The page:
||A steep out and back
climb to the highest peak in the Santa Rita Mountains.
||From Tucson drive south
on I-10 until you reach the I-19 exit. Drive about 25 miles on I-19 and take the
exit for Continental. Drive southeast on this paved road following the signs to the
Santa Rita Lodge and Madera Canyon. After 7 miles the road will make a 90 degree
turn to the right continue straight at this point onto the dirt (ok for passenger cars)
Forest Road (FR) 62. After 0.3 miles FR 62 makes a 90 degree left turn, stay
straight proceeding onto FR 62A. Drive another 2.9 miles until you reach the signed
Florida Canyon Trailhead and parking area on the left.
||Easy - signs point the
way to the summit
||15.2 miles, 5540'
||40 F at the base dropping
to 20 F at the summit. It was quite cool & windy with some clouds and a few snow
flurries. The summit was down right cold.
||From the Florida Canyon
Trailhead (0.0 miles) begin hiking uphill along a fence for the Florida Canyon
Experimental Range Headquarters. After a few minutes you will come to a signed
junction near the headquarters. Proceed left at this junction. The trail
follow the general coarse of Florida Canyon, crossing it a few times then climbing up onto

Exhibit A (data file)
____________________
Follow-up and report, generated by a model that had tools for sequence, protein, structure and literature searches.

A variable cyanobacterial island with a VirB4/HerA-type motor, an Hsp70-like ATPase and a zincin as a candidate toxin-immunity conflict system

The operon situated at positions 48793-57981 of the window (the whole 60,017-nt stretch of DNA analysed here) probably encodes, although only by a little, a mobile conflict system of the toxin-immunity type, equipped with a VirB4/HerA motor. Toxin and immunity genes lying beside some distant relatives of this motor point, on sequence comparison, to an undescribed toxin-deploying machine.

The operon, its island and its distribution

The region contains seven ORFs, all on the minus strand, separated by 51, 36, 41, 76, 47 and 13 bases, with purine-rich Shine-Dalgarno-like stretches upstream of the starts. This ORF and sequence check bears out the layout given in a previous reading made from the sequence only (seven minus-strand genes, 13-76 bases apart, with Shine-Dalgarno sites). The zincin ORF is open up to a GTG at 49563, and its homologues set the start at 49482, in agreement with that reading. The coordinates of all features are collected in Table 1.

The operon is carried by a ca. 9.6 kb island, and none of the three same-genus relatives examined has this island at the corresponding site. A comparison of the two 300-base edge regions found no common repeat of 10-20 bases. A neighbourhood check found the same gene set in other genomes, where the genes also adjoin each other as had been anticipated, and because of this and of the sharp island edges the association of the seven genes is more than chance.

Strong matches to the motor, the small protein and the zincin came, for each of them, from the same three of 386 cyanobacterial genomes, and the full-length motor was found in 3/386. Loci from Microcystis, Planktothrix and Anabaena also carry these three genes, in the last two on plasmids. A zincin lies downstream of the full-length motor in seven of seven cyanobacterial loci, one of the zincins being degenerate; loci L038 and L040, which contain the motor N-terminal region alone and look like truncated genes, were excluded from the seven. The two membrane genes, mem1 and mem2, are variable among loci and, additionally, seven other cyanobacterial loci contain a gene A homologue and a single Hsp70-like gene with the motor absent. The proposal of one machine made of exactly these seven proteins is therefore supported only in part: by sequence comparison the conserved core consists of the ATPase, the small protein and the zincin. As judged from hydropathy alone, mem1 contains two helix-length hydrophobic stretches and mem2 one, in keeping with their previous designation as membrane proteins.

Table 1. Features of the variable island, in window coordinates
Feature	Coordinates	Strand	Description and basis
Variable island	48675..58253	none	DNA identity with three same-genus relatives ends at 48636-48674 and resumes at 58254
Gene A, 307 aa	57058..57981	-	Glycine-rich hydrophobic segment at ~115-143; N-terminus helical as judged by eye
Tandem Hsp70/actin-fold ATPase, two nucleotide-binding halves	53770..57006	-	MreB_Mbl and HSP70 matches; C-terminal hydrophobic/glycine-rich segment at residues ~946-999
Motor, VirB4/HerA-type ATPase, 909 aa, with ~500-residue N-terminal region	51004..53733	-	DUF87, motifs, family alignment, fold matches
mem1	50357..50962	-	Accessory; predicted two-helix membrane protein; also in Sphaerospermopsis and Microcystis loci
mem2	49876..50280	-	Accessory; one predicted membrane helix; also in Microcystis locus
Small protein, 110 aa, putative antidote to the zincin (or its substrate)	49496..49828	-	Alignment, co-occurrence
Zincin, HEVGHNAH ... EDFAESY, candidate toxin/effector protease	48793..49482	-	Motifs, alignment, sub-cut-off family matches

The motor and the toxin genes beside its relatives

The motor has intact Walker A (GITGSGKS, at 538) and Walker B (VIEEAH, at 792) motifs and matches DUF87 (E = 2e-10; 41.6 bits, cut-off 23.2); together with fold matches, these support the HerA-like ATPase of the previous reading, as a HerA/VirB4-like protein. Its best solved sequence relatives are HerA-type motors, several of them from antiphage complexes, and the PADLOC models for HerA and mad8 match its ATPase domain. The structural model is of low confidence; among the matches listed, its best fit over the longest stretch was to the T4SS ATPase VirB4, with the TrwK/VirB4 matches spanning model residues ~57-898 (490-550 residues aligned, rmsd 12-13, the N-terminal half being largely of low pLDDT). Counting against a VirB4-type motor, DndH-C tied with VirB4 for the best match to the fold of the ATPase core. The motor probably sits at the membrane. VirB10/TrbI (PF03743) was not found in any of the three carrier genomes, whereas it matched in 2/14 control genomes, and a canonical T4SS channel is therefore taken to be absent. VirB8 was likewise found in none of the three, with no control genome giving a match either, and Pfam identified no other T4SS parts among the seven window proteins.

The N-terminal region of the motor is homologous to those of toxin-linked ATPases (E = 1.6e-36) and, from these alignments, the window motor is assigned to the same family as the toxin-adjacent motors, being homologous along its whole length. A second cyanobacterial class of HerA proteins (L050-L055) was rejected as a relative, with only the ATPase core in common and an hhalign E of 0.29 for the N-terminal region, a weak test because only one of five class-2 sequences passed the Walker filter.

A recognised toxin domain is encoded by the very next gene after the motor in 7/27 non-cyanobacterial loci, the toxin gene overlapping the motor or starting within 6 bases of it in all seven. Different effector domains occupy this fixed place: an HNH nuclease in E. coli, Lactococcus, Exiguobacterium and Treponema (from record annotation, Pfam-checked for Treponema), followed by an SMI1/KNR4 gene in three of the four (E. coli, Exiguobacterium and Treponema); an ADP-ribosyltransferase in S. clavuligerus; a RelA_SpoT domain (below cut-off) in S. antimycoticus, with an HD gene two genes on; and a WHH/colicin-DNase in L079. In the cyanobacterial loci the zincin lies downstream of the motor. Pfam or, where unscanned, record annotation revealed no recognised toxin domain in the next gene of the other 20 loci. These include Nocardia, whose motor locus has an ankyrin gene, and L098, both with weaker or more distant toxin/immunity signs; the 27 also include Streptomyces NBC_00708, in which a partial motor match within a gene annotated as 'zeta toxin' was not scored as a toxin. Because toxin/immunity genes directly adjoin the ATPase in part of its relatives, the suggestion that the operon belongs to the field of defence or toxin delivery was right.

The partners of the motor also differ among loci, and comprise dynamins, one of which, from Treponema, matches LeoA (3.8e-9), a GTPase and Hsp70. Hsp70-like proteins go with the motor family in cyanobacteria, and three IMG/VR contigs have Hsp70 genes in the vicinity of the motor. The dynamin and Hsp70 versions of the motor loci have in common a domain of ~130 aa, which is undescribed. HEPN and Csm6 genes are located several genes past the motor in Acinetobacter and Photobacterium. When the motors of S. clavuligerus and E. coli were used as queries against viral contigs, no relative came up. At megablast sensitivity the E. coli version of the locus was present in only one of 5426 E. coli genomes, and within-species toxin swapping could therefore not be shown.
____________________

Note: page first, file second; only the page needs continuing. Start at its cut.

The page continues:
the left shoulder with some nice views across the canyon as you get higher. The
canyon supports a variety of grasses, oak, juniper, ocotillo and cactus, gradually
becoming more forested with altitude. Eventually the oak gives way to Douglas Fir
and the trail begins a series of long steep switchbacks until arriving at the signed
Florida Saddle (3.7 miles). Turn right and follow the sign for the Crest Trail and
Mt. Wrightson. The trail climbs a bit less steeply for 0.3 miles to the signed
junction for Armour Spring (0.4 miles down the spur trail), there is also a good campsite
here. Continue on the Crest Trail climbing moderately as the trail eventually swings
around to ascend on the south side of the mountain. Eventually you will cross an
area that shows evidence of fire damage before dropping down to a signed junction at Baldy
Saddle (6.7 miles). Follow the signs straight ahead and follow the rocky switchbacks
the remaining 0.9 miles to the summit (7.6 miles). The peak is composed entirely of
rock that drops steeply away on all sides allowing unobstructed 360 degree views of the
surrounding country side. After signing the register and taking in the scenery
return the way you came.
This is a nice and scenic hike on a well maintained trail - and you'll get a
good workout along the way. It was somewhat chilly the day the author climbed this
peak, however only one other person was seen the entire day. During the warmer
months I suspect you are likely to encounter many summit bound hikers, though most will
probably elect to come in from the shorter Madera Canyon route. The author and his
wife took just under 8 hours to complete this hike.
||'Arizona Trails - 100
Hikes in Canyon and Sierra' by David Mazel
||Click picture for larger
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